At present the International Treaty provides access to a global gene pool of more than 1.5 million accessions belonging to 64 crops stored in the genebanks of 127 members and associated international research centers and collections.  Without the Treaty we would be limited to making country to country arrangements to exchange seed, with time consuming bureaucracies and possible political issues grinding the process to a halt. The Treaty also constitutes governmental approval for seed banks to exchange material without constant reference to governmental authorities.

This easy access to a wide range of plant genetic resources is critical to develop new improved varieties with traits such as pest and disease resistance, the ability to cope with other environmental stresses, increased yields, and added consumer health benefits.


Easy access to the widest possible range of biodiversity also facilitates the development of varieties that could lead to the expansion of arable land to marginal areas and the extension of growing seasons.

Australiacan be proud of its high level of responsibility and leadership in relation to biodiversity conservation. It also played a remarkable role in the life of the Treaty, by working during the negotiations for the Treaty, by joining it in December 2005, by supporting the Treaty’s Benefit Sharing Fund to provide compensation to farmers that have given us all unique genetic material, and supporting the Global Crop Diversity Trust that facilitated the Svalbard Arctic Seed Vault – in fact without the Treaty, the deposits of seed to the vault and their availability to all would not be possible.

No doubt the Treaty is a key forum in setting policy directions and priority activities in genetic resources but it also provides an integrated approach to the conservation and sustainable use of crop biodiversity, and an equitable benefit-sharing mechanism.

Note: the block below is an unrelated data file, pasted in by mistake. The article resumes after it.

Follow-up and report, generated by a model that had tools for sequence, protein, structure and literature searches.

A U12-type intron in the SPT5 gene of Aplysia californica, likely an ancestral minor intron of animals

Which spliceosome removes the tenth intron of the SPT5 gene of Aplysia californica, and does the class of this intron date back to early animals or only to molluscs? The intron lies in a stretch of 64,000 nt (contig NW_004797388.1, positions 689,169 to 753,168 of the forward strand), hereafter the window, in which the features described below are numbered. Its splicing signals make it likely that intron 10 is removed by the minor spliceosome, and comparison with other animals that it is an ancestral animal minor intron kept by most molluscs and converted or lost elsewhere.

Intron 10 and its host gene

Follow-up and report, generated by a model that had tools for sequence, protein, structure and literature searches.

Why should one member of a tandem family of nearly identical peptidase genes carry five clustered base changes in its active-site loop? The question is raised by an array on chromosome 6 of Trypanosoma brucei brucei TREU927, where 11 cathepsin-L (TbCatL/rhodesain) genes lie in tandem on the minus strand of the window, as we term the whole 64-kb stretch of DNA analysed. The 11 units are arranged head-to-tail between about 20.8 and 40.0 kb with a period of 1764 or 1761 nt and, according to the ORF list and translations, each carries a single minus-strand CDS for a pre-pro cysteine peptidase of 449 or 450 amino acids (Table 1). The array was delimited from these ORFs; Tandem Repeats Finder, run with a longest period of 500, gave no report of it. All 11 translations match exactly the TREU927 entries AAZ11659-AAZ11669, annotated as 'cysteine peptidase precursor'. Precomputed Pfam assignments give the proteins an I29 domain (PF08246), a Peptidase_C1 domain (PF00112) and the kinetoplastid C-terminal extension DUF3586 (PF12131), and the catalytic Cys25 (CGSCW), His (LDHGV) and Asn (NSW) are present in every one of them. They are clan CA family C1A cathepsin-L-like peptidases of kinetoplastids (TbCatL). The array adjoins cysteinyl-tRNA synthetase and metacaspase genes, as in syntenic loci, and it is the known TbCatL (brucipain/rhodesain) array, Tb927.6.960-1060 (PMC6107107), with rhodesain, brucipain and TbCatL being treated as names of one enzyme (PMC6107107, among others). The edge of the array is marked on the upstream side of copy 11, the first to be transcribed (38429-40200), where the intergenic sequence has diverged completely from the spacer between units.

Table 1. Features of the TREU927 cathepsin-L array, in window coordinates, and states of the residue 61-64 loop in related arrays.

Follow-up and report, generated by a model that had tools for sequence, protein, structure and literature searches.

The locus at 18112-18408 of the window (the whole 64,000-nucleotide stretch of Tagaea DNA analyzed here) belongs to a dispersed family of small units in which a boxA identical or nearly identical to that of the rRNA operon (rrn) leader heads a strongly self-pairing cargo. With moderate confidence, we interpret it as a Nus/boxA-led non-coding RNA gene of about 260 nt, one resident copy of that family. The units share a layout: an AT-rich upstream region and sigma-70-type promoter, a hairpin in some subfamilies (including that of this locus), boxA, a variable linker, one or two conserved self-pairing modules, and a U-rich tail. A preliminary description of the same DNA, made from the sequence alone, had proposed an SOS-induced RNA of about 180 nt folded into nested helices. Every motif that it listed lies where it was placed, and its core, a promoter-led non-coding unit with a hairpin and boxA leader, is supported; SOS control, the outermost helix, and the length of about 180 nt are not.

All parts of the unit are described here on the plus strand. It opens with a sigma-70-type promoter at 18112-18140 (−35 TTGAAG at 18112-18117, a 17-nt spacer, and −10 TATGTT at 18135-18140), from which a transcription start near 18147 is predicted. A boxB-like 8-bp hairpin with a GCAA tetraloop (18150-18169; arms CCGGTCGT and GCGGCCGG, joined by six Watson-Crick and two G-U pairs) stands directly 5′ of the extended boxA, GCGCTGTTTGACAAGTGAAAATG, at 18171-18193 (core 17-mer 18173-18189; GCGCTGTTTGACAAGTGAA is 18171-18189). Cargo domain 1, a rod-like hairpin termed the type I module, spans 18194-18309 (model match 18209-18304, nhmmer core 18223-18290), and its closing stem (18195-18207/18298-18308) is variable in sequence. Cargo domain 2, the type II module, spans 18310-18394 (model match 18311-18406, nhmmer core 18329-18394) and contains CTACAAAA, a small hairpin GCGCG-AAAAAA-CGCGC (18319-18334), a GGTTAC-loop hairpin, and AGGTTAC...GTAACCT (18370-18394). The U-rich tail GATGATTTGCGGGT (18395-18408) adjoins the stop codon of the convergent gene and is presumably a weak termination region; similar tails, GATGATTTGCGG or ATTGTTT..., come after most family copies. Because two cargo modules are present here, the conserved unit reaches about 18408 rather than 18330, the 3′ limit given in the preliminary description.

The benefits of the Treaty flow to consumers in the form of a greater variety of foods and agricultural products and increased food security, and to the scientific community which is guaranteed access to breeding resources. At the same time the public and private sectors gain greater access to a wide range of genetic diversity.

Through the Treaty, Australia is also supporting the conservation and adaptation efforts of developing countries that have ratified the Treaty.  In 2008 a new multilateral funding was established to invest directly in high impact projects supporting farmers who conserve in their fields the most important food crops.  Since then, 30 projects have benefited from this Fund in countries like India, Nepal, Bhutan, Philippines or Indonesia, just to name a few.

All these efforts to fight against the lost of biodiversity by conserving and promoting the use of our most important food crops is not only a legal obligation and an international commitment that countries have imposed to themselves, but also a moral obligations towards the present and future generations to furnish them with more options to feed the world.

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About the Author

Dr Shakeel Bhatti is the inaugural Secretary of the International Treaty on Plant Genetic Resources for Food and Agriculture at the United Nation’s Food and Agriculture Organisation.

Creative Commons LicenseThis work is licensed under a Creative Commons License.